Melanoma March is an annual awareness and fundraising initiative that funds life-changing melanoma research.
This year, there are numerous Melanoma March events taking place across the country. Some participate to remember a loved one whilst others are on their own melanoma journey. All come along in support of finding a cure for melanoma.
What is melanoma?
Melanoma is a type of skin cancer which usually occurs on the parts of the body that have been overexposed to the sun. Rare melanomas can occur in parts of the skin or body that have never been exposed to the sun.
Melanoma is the fourth most common cancer diagnosed in Australia, which along with New Zealand has the world’s highest incidence rate for melanoma.
Melanoma is more commonly diagnosed in men than women. The risk of being diagnosed with melanoma by age 85 is 1 in 13 for men compared to 1 in 22 for women.
This year, more than 14,000 Australians will be diagnosed with melanoma. Sadly, around 1,800 will die from the disease.
Often melanoma has no symptoms. However, the first sign is generally a change in an existing mole or the appearance of a new spot. These changes can include:
- Colour – a mole may change in colour or have different colour shades or become blotchy
- Size – a mole may appear to get bigger
- Shape – a mole may have an irregular border or may increase in height
- Elevation – the mole may develop a raised area
- Itching or bleeding.
Other symptoms include dark areas under nails or on membranes lining the mouth, vagina or anus.
New moles and spots will appear and change during childhood, adolescence and during pregnancy and this is normal. However, adults who develop new spots or moles should have them examined by their doctor.
Shannan Ponton, from television program The Biggest Loser, thought he was invincible. He wasn’t. But his melanoma battle ended up saving more than his own life.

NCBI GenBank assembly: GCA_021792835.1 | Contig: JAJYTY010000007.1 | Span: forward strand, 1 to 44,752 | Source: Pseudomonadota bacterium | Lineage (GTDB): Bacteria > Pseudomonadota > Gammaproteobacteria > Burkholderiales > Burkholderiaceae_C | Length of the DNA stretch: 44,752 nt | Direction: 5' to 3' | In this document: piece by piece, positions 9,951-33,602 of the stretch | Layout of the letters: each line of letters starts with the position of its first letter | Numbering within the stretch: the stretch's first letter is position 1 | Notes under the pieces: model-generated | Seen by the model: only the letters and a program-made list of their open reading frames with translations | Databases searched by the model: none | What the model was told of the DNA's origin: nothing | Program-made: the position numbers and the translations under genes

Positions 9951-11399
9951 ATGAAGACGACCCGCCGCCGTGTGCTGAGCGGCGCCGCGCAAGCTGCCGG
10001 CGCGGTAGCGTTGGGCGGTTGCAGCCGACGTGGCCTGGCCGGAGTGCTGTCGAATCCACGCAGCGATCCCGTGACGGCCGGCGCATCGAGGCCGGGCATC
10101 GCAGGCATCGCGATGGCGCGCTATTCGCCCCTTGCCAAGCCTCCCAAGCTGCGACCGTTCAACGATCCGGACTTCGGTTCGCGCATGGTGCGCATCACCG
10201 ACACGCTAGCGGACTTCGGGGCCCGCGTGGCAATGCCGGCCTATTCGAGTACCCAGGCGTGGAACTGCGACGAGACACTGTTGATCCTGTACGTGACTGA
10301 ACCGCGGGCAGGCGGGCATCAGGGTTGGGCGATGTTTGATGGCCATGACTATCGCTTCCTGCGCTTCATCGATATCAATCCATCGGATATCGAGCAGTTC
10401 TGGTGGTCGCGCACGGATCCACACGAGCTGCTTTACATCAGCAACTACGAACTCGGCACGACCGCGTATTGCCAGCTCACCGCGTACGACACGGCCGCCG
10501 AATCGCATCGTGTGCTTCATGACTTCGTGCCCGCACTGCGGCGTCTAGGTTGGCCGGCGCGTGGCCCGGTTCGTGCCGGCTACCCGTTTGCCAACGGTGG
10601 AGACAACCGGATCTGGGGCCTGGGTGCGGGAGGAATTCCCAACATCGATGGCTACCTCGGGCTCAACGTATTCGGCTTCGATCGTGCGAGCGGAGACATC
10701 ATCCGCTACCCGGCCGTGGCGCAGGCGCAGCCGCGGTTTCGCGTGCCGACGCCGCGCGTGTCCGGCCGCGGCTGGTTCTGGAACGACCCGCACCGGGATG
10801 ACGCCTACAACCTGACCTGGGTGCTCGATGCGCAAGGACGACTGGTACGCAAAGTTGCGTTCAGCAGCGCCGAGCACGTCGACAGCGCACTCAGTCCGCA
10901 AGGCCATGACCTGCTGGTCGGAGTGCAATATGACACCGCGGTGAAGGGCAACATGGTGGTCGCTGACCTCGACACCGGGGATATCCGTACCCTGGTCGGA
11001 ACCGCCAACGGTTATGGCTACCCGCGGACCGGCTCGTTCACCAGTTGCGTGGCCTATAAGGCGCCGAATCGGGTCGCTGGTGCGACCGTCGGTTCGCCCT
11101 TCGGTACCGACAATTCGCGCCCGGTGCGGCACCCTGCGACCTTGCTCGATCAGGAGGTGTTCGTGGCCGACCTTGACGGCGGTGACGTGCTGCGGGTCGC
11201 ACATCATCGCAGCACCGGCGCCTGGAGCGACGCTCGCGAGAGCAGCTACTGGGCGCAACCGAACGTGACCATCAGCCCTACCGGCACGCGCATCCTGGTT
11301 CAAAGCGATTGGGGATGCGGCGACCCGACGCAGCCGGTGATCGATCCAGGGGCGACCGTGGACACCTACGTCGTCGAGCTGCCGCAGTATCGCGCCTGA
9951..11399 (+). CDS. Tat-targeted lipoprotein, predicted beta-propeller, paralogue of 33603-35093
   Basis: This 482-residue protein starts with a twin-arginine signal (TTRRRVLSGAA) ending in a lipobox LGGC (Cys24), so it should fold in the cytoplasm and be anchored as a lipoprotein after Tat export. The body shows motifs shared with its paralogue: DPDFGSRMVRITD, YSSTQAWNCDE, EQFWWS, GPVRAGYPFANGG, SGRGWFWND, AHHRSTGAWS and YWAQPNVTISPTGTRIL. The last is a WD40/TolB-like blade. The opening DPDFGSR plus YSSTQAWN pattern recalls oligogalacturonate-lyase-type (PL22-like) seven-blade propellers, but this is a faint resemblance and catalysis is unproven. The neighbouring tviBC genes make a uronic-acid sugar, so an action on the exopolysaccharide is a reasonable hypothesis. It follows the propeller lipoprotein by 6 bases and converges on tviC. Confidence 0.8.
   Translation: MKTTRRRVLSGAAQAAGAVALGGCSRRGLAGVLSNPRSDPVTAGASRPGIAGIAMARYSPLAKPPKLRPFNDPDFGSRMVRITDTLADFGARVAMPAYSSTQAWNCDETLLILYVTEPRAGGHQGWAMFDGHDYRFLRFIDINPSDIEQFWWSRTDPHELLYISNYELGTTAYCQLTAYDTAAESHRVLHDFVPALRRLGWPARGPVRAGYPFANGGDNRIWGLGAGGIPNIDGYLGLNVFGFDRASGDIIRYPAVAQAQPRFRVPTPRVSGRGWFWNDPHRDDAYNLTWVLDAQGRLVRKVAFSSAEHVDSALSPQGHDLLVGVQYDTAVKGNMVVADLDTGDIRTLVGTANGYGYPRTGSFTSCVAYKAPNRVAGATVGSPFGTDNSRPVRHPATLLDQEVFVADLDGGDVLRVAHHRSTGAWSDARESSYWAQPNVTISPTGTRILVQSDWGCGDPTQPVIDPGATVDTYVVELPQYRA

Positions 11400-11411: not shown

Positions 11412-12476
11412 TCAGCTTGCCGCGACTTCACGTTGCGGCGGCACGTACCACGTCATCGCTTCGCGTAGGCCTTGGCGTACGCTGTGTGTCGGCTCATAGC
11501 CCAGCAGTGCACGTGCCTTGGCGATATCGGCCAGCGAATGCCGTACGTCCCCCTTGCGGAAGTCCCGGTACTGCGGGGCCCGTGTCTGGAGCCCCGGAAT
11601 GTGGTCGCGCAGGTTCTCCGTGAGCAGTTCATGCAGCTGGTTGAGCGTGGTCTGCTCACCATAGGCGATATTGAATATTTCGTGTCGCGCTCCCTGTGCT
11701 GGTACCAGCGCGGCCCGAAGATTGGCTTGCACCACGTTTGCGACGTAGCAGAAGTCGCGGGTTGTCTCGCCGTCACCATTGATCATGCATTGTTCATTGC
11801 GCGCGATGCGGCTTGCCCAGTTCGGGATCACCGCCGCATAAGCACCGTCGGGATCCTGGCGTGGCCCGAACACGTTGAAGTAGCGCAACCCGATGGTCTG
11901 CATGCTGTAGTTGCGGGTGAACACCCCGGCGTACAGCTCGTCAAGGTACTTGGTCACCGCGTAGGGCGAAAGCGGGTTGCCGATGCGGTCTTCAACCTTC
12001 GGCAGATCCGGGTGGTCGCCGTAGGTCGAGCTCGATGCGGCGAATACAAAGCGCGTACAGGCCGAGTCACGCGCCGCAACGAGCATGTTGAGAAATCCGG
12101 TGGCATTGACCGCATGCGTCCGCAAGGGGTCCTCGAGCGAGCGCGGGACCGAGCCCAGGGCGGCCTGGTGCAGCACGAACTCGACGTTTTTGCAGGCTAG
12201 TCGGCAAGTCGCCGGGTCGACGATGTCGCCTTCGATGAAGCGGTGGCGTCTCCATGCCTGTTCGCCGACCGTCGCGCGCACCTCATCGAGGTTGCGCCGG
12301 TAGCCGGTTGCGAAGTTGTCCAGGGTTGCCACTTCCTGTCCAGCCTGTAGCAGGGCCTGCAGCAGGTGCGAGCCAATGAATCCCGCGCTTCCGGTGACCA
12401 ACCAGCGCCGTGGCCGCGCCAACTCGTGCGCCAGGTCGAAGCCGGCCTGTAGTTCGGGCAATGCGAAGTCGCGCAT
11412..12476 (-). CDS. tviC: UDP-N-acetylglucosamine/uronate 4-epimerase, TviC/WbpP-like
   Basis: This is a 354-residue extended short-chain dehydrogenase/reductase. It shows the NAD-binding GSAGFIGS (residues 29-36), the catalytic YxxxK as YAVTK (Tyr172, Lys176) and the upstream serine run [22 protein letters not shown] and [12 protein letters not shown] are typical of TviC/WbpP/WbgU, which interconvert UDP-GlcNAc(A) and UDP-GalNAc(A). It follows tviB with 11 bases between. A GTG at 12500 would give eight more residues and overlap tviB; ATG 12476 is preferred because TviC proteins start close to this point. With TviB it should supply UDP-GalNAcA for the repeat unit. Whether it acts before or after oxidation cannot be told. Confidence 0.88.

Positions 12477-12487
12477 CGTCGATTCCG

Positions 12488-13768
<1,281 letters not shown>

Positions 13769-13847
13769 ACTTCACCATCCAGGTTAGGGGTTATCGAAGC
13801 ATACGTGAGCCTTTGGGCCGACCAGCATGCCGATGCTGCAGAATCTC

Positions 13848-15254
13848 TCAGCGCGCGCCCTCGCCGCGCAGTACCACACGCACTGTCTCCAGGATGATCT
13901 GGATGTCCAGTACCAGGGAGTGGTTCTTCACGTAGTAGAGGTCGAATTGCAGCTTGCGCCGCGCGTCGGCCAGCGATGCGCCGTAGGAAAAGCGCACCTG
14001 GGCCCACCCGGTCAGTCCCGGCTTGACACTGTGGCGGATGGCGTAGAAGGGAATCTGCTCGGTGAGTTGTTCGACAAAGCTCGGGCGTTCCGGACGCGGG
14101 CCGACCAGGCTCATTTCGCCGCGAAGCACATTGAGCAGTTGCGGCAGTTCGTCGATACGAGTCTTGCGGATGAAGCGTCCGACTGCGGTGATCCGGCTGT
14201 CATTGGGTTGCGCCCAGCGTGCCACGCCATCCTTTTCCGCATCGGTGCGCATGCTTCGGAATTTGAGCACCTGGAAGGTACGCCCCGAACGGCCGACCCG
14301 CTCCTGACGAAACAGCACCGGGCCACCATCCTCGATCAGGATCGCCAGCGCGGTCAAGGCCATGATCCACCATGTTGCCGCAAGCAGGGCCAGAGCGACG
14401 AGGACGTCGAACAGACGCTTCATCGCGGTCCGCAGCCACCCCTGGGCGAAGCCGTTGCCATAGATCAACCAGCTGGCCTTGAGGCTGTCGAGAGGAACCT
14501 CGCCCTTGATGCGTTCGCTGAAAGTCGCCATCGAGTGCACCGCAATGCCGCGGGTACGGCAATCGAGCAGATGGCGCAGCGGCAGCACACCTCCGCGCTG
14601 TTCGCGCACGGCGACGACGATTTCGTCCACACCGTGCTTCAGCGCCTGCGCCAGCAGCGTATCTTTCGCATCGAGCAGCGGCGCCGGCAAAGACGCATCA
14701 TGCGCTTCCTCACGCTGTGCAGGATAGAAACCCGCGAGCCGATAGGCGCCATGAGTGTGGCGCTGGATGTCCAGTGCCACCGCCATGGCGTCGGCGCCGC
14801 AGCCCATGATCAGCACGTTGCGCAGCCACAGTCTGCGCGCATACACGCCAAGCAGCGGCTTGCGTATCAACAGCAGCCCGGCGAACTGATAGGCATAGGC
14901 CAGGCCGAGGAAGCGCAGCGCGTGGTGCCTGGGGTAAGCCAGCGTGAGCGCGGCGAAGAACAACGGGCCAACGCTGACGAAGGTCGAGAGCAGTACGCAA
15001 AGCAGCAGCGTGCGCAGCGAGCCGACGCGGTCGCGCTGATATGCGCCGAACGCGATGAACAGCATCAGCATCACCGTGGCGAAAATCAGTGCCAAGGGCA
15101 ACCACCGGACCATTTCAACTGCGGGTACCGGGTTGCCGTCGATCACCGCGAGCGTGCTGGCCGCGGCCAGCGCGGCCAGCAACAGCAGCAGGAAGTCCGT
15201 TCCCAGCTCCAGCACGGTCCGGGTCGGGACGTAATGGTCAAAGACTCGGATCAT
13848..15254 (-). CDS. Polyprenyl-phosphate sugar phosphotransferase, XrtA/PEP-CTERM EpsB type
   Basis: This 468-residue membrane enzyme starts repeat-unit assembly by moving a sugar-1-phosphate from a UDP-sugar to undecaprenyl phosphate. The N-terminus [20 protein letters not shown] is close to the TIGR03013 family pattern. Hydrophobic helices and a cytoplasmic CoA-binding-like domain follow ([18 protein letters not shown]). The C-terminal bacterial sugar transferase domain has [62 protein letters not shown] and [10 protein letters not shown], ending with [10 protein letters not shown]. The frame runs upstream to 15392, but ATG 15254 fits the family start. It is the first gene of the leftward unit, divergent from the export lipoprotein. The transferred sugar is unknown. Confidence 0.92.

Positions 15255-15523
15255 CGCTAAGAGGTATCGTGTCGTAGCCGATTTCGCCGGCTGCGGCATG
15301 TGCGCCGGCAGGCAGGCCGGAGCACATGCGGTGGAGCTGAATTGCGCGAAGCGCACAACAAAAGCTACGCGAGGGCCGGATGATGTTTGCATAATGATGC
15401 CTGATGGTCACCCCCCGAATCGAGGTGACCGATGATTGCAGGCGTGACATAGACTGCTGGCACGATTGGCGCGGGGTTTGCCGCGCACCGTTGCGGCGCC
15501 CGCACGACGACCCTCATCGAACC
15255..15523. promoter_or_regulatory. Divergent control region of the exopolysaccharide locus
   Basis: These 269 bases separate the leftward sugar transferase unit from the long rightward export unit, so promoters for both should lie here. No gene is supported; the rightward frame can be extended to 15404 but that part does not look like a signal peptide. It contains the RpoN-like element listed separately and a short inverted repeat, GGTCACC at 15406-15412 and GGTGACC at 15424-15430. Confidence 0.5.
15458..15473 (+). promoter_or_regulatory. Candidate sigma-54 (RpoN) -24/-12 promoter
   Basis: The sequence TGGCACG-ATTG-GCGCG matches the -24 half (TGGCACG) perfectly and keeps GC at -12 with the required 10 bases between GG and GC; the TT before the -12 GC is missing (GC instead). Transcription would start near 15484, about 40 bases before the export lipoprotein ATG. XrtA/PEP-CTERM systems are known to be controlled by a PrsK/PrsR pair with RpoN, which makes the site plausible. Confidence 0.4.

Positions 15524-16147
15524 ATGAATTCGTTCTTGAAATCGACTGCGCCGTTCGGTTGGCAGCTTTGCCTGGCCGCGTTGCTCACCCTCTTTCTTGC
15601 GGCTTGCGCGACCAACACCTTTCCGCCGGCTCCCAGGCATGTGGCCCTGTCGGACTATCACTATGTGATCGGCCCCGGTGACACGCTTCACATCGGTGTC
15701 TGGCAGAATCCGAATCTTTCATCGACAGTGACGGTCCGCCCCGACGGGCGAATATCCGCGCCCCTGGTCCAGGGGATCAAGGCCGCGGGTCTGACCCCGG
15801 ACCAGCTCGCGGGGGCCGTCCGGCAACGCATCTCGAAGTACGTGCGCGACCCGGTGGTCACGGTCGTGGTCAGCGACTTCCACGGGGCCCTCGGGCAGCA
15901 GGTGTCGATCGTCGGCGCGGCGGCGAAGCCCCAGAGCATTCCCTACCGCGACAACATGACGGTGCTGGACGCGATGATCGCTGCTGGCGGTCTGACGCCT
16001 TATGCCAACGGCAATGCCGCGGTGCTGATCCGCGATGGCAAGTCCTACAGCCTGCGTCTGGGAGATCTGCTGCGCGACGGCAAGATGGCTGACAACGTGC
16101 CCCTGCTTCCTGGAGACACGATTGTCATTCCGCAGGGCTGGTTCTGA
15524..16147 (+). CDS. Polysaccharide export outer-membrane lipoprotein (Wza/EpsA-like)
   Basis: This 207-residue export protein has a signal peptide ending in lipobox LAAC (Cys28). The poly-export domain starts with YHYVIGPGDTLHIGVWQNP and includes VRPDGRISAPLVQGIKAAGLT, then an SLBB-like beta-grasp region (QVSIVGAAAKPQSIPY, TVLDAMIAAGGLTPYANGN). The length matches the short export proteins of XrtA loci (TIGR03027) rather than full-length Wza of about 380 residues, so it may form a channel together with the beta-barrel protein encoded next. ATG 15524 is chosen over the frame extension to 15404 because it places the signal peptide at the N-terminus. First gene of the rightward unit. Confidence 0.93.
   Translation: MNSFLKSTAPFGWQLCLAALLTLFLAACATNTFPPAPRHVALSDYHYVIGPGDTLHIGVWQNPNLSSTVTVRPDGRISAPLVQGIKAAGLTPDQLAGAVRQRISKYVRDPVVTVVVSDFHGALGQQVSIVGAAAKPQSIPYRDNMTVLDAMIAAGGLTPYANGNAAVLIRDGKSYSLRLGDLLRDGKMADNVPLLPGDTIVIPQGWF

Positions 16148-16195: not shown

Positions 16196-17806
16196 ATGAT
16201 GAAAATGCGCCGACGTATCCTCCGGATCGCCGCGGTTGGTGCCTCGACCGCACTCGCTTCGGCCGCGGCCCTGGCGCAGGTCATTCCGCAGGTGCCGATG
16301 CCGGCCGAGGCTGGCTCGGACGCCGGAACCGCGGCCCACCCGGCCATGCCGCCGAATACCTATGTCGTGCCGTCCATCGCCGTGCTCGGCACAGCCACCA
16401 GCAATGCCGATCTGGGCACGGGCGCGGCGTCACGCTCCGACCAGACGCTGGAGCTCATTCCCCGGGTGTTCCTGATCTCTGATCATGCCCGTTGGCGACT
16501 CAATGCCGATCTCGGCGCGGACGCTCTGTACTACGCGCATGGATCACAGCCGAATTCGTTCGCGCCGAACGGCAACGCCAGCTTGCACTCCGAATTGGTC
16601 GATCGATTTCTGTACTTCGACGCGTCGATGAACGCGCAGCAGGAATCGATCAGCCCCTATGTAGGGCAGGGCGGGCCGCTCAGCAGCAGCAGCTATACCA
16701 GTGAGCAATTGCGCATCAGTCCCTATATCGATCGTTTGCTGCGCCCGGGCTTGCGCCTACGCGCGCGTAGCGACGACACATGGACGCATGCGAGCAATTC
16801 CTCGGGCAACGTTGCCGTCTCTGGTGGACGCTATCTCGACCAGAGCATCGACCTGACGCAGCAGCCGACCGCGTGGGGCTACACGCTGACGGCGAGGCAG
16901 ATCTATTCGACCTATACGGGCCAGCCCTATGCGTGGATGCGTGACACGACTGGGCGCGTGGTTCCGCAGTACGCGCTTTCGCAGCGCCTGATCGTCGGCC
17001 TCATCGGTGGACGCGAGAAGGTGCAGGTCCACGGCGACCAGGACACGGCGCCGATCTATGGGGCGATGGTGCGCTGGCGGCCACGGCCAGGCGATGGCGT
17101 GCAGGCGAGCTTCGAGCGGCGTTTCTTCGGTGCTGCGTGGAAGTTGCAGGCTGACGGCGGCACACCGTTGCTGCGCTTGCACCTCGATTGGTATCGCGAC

His melanoma story began on a beach in Bali when his wife spotted a suspicious looking mole on the back of his thigh. She booked him in for a skin check immediately on his return to Sydney. It was melanoma.
Despite undergoing two rounds of surgery and now sporting a 20cm scar, his melanoma hadn’t spread. He was so rattled by his melanoma diagnosis that he immediately called an ‘intervention’ with his mates, inviting 15 of them around to his house for a BBQ.
“I said boys, we all lead a similar lifestyle. I’ve just been diagnosed with melanoma. I want all of you to go and get a skin check,” Shannan recalls.
All 15 mates at Shannan’s intervention that afternoon booked themselves in for skins checks – 2 were subsequently diagnosed with melanoma.
“If it wasn’t for that intervention and that feeling in my gut to go beyond trying to just help, and actually making a difference, those two guys could not be here now,” Shannan added.
Watch Shannan’s story below.
Get your skin checked at PVH Medical
If you’ve noticed a change in an existing mole or the appearance of a new spot, or you just want a general skin check for your peace of mind, make a booking with a doctor today.
Having a regular skin check could save your life!
Note: This information is of a general nature only and should not be substituted for medical advice. It does not replace consultations with qualified healthcare professionals to meet your individual medical needs.